Historically, living was divided from dead, inert matter by its autonomous activity. Today, a number of materials not themselves alive are characterized as having inherent activity, and this activity has become the subject of a hot new field of physics, "Active Matter", or "Soft matter become alive." For active matter scientists, the relation of physics to biology is guaranteed in one direction by the assertion that the cell is a material, and hence its study can be considered a branch of material science, and in the other direction, by the claim that the physical dynamics of this material IS what brings the cell to life, and therefore its study is a proper branch of biology...
September 2016: History and Philosophy of the Life Sciences
https://www.readbyqxmd.com/read/27412708/bad-math-in-linnaeus-philosophia-botanica
#15
János Podani, András Szilágyi
In Philosophia Botanica (1751), Carolus Linnaeus (1707-1778) presented a calculation of the number of plant genera that may be distinguished based on his taxonomic concepts. In order to derive that number, he relied upon the organs of fructification, which represent the flower and the fruit, by selecting over 30 elements from them, and then assuming that each could vary by four dimensions. However, while Linnaeus was good in counting stamens and pistils, he and many of his followers who edited or translated Philosophia Botanica were less careful, basing their calculations of the number of possible genera on flawed assumptions, or even introducing basic arithmetic errors...
September 2016: History and Philosophy of the Life Sciences
https://www.readbyqxmd.com/read/27385114/teresa-ortiz-g%C3%A3-mez-and-mar%C3%A3-a-jes%C3%A3%C2%BAs-santesmases-eds-gendered-drugs-and-medicine-historical-and-socio-cultural-perspectives-ashgate-publishing-farnham-and-burlington-vt-2014-246%C3%A2-pp-%C3%A2-65-hard-cover
#16
https://www.readbyqxmd.com/read/27385113/missing-concepts-in-natural-selection-theory-reconstructions
#17
Santiago Ginnobili
The concept of fitness has generated a lot of discussion in philosophy of biology. There is, however, relative agreement about the need to distinguish at least two uses of the term: ecological fitness on the one hand, and population genetics fitness on the other. The goal of this paper is to give an explication of the concept of ecological fitness by providing a reconstruction of the theory of natural selection in which this concept was framed, that is, based on the way the theory was put to use in Darwin's main texts...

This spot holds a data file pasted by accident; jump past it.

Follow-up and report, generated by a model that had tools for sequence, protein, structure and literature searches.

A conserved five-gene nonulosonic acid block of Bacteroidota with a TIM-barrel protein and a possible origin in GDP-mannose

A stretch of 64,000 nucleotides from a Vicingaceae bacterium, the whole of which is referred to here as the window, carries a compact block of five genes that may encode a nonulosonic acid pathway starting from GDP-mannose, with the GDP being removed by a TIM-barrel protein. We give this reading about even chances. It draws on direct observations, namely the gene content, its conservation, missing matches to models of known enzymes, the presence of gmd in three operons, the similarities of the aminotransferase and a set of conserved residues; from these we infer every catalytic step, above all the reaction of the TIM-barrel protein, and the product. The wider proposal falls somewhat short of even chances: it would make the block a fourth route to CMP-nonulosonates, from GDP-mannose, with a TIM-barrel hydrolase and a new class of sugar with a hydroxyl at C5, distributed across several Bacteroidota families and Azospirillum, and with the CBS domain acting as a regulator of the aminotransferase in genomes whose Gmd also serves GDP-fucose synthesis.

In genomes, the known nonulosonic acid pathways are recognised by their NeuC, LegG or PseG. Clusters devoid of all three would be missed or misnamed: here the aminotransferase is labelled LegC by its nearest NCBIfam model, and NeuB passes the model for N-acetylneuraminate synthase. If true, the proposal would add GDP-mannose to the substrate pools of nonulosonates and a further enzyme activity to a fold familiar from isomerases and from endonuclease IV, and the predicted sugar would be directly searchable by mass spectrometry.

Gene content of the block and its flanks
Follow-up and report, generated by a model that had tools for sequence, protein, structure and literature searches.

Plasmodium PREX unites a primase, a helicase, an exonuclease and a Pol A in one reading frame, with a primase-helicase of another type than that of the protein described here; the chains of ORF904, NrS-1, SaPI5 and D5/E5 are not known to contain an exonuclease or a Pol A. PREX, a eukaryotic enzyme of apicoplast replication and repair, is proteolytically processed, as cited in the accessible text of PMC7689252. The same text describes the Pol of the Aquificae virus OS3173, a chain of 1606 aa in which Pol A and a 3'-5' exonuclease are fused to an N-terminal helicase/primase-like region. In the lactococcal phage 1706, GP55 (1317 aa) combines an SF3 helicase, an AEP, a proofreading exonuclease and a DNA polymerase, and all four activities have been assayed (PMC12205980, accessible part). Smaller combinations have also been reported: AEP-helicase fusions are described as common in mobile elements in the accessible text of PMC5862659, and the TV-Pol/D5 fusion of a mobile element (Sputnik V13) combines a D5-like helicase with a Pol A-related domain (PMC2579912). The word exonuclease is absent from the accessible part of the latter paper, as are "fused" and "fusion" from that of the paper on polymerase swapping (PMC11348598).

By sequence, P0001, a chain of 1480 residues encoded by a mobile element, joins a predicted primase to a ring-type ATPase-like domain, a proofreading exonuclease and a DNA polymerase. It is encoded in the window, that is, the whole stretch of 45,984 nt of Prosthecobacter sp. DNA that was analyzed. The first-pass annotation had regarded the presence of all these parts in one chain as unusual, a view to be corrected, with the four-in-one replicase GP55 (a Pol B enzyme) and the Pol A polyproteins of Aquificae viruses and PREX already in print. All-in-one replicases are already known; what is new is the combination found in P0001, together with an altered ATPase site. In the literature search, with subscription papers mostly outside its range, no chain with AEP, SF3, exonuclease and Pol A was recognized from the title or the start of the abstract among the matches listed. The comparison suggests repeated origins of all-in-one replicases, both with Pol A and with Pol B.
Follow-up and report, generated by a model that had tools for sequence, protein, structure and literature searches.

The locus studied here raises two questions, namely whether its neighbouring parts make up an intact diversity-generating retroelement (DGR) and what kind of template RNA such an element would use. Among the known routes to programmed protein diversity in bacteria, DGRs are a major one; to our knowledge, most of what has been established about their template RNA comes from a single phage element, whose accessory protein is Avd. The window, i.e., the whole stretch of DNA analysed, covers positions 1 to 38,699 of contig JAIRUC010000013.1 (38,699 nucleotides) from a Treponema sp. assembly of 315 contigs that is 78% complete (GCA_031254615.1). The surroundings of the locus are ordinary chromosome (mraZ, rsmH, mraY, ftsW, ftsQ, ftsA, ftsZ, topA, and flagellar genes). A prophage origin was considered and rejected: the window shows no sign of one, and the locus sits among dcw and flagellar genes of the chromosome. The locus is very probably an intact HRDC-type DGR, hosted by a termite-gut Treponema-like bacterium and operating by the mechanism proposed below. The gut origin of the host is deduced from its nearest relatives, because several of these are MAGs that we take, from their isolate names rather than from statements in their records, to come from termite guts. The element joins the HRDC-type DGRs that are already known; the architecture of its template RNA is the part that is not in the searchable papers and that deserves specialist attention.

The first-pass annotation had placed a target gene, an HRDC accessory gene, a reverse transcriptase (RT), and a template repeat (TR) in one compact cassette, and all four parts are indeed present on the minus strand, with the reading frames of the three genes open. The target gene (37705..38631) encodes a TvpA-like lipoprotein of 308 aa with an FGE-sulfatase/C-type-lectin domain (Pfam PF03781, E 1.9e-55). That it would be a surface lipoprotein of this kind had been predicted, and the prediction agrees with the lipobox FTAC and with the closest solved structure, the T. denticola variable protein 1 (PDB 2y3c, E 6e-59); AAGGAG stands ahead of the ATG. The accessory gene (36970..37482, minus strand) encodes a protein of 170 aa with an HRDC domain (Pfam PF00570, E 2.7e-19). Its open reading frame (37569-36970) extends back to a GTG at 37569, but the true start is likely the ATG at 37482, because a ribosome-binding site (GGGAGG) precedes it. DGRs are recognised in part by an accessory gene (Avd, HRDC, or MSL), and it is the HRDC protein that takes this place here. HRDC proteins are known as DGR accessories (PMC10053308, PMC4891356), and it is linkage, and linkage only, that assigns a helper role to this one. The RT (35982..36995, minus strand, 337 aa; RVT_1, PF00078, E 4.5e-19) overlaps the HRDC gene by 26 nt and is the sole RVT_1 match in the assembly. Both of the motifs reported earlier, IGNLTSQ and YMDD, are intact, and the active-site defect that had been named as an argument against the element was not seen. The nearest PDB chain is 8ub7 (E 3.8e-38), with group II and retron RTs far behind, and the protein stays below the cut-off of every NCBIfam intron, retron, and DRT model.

September 2016: History and Philosophy of the Life Sciences
https://www.readbyqxmd.com/read/27338571/the-right-tool-and-the-right-place-for-the-job-the-importance-of-the-field-in-experimental-neurophysiology-1880-1945
#18
Samantha K Muka
This paper seeks to contribute to understandings of practice and place in the history of early American neurophysiology by exploring research with jellyfish at marine stations. Jellyfish became a particularly important research tool to experimental physiologists studying neurological subjects at the turn of the twentieth century. But their enthusiasm for the potential of this organism was constrained by its delicacy in captivity. The discovery of hardier species made experimentation at the shore possible and resulted in two epicenters of neurophysiological research on the American East Coast: the Marine Biological Laboratory and the Carnegie Institution's Dry Tortugas Laboratory...
September 2016: History and Philosophy of the Life Sciences
https://www.readbyqxmd.com/read/27338570/a-causal-dispositional-account-of-fitness
#19
Vanessa Triviño, Laura Nuño de la Rosa
The notion of fitness is usually equated to reproductive success. However, this actualist approach presents some difficulties, mainly the explanatory circularity problem, which have lead philosophers of biology to offer alternative definitions in which fitness and reproductive success are distinguished. In this paper, we argue  that none of these alternatives is satisfactory and, inspired by Mumford and Anjum's dispositional theory of causation, we offer a definition of fitness as a causal dispositional property...
September 2016: History and Philosophy of the Life Sciences
https://www.readbyqxmd.com/read/27325061/malte-christian-ebach-origins-of-biogeography-the-role-of-biological-classification-in-early-plant-and-animal-geography-dordrecht-heidelberg-new-york-london-springer-2015-xiv%C3%A2-%C3%A2-173%C3%A2-pp-hardcover-99-99-%C3%A2
#20